Revolutions are about people – the people leading them, and the people transformed by them.
A year ago, we introduced our new strategic plan as “a revolution in the academic health sciences.” Fittingly, the plan’s impact on real people and communities is already front and centre.
To realize our vision of Radical Collaboration for a Healthier World, the faculty established “The Big 10” implementation teams to move forward on ten key initiatives.
Team leads recently delivered inspiring updates on their projects. It was exciting to see what we have accomplished so far and get a clear view of what lies ahead.
Revolutions, of course, are also about meaningful, systematic change. Transforming health sciences education and research requires bold action. And seeing our strategy come to life, I was reminded of our plan’s impact on the ground – locally, provincially, and beyond.
In terms of campus transformation, we are working to make Queen’s Health Sciences’ spaces and programs more accessible; and launching an action plan to develop a new health sciences complex. Take a look at an early concept drawing.
Our classroom experience and demographics are also being transformed. A path is being charted to see 20% of curricula delivered in an interdisciplinary context by 2026, which will help learners better collaborate inside and outside the classroom to create new discoveries and improve patient care.
Meanwhile, our equity, diversity, inclusion, Indigeneity, and accessibility (EDIIA) goals include seeing the QHS community profile – learners, staff, and faculty – match that of the Canadian population. That multi-faceted process includes building a more welcoming environment – which is supported by the opening of The Nest as new home for EDIIA in our faculty. While I recognize we have a long way to go in diversifying our faculty, including our leadership team, I am proud of the progress we are making on EDIIA.
Another key area of focus is on our work in the community. We heard about our deepening partnership with the Weeneebayko Health Authority (WAHA) to develop health sciences education opportunities for Indigenous youth living along the western James Bay coast. (We will have more to share on this early in 2023.) Our partnership with Lakeridge Health is seeing us create a new campus for the MD Program, focused on training family physicians.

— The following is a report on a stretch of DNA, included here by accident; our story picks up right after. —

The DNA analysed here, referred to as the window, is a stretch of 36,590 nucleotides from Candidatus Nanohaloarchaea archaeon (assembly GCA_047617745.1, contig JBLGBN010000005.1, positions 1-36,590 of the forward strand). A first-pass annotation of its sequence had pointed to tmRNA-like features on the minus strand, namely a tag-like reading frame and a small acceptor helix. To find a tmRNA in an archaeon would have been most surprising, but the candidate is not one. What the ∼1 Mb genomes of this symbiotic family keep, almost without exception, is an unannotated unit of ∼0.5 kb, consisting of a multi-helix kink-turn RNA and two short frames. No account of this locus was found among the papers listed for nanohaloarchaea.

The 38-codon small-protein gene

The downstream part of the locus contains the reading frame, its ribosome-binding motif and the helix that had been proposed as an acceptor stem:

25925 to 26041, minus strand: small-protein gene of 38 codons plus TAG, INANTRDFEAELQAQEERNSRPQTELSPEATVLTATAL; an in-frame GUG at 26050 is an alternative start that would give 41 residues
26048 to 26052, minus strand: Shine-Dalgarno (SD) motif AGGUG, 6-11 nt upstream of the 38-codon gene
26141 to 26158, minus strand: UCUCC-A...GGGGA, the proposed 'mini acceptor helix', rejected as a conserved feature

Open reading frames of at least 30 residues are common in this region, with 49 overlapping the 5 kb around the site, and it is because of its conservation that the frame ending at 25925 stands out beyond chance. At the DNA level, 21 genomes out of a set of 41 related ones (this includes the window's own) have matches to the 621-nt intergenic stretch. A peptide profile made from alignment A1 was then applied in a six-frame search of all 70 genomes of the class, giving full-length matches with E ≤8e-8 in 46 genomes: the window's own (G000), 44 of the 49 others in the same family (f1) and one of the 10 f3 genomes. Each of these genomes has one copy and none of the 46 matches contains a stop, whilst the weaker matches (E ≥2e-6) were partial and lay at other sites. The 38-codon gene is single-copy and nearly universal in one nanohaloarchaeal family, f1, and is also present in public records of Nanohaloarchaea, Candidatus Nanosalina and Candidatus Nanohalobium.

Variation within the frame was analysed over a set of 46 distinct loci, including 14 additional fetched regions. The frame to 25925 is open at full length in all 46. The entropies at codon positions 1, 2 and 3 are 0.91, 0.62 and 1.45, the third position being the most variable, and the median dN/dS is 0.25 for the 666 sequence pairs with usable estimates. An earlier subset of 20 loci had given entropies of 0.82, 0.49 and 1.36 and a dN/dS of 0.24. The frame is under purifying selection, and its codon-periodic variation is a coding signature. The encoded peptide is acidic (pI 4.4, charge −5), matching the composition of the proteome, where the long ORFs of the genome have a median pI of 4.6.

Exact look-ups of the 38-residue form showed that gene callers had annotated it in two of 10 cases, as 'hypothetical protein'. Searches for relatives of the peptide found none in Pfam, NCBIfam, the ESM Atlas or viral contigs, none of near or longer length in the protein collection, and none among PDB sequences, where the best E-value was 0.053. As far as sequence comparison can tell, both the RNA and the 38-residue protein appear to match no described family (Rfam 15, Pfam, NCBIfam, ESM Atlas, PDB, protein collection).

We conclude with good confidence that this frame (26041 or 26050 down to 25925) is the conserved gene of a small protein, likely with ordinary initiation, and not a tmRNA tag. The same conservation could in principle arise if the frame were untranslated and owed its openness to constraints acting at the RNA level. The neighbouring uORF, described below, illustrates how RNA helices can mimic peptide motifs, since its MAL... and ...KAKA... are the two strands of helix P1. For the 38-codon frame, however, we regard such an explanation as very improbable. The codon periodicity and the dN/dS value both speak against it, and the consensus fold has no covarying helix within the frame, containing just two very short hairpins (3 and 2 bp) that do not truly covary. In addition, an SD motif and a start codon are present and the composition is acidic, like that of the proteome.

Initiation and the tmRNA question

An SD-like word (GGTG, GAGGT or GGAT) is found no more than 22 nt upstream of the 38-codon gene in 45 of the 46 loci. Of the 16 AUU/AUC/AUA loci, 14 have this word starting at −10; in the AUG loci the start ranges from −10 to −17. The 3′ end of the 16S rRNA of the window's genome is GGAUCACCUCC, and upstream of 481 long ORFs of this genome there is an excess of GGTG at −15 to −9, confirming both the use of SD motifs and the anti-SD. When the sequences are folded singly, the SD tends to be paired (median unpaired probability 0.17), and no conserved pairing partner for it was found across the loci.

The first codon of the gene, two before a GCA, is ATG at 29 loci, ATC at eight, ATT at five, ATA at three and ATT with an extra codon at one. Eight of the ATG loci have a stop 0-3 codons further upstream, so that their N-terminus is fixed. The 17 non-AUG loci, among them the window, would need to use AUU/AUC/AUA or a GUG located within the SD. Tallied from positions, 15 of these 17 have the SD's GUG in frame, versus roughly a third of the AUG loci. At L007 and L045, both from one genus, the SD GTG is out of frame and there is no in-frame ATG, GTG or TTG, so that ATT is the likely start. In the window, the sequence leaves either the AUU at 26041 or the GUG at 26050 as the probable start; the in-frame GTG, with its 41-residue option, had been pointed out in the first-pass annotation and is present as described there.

In Kingston, we are partnering with others to develop a health home to serve as a new primary care facility for 10,000 local residents who currently lack a primary care provider. This will make a positive difference for our local hospital partners as well.
Our ambitious plans also have a global reach. We are reimagining global and population health via the Queen’s Kaleidoscope Institute (learn more in this video from their first symposium in December 2022).
Of course, our research impact is also far and wide. That’s why we are striving to increase our sponsored research to $200 million per year (a 50 per cent increase from 2020 levels) as well as creating research superclusters to better mobilize and coordinate our resources to answer some of the biggest questions in health sciences today. Improved coordination and interdisciplinary research will allow us to be at the forefront of discovery science.
We put these ideas out into the world last year. To see them starting to take shape is amazing and makes me so proud. I believe these projects are transformative and a testament to the people at QHS who have the brainpower, creativity, passion, and grit to make them a reality.
Our strategic plan year-in-review explores each of our goals in terms of objectives, progress, and next steps. Our Big 10 project pages include contact information for our team leads. I encourage you to reach out if you want to learn more or lend a helping hand.
Again, the common thread through all this work is collaboration. To quote Dr. Brenda Brouwer, the 2022 lead on our new building project, “We need everyone working together—sharing their time, talent and treasure (to create a healthier world).”
It’s all about people power. I know our team has the talent and commitment to develop and implement our bold vision. Our collective efforts will empower students, colleagues, patients, and communities and help us reinvent the health sciences.
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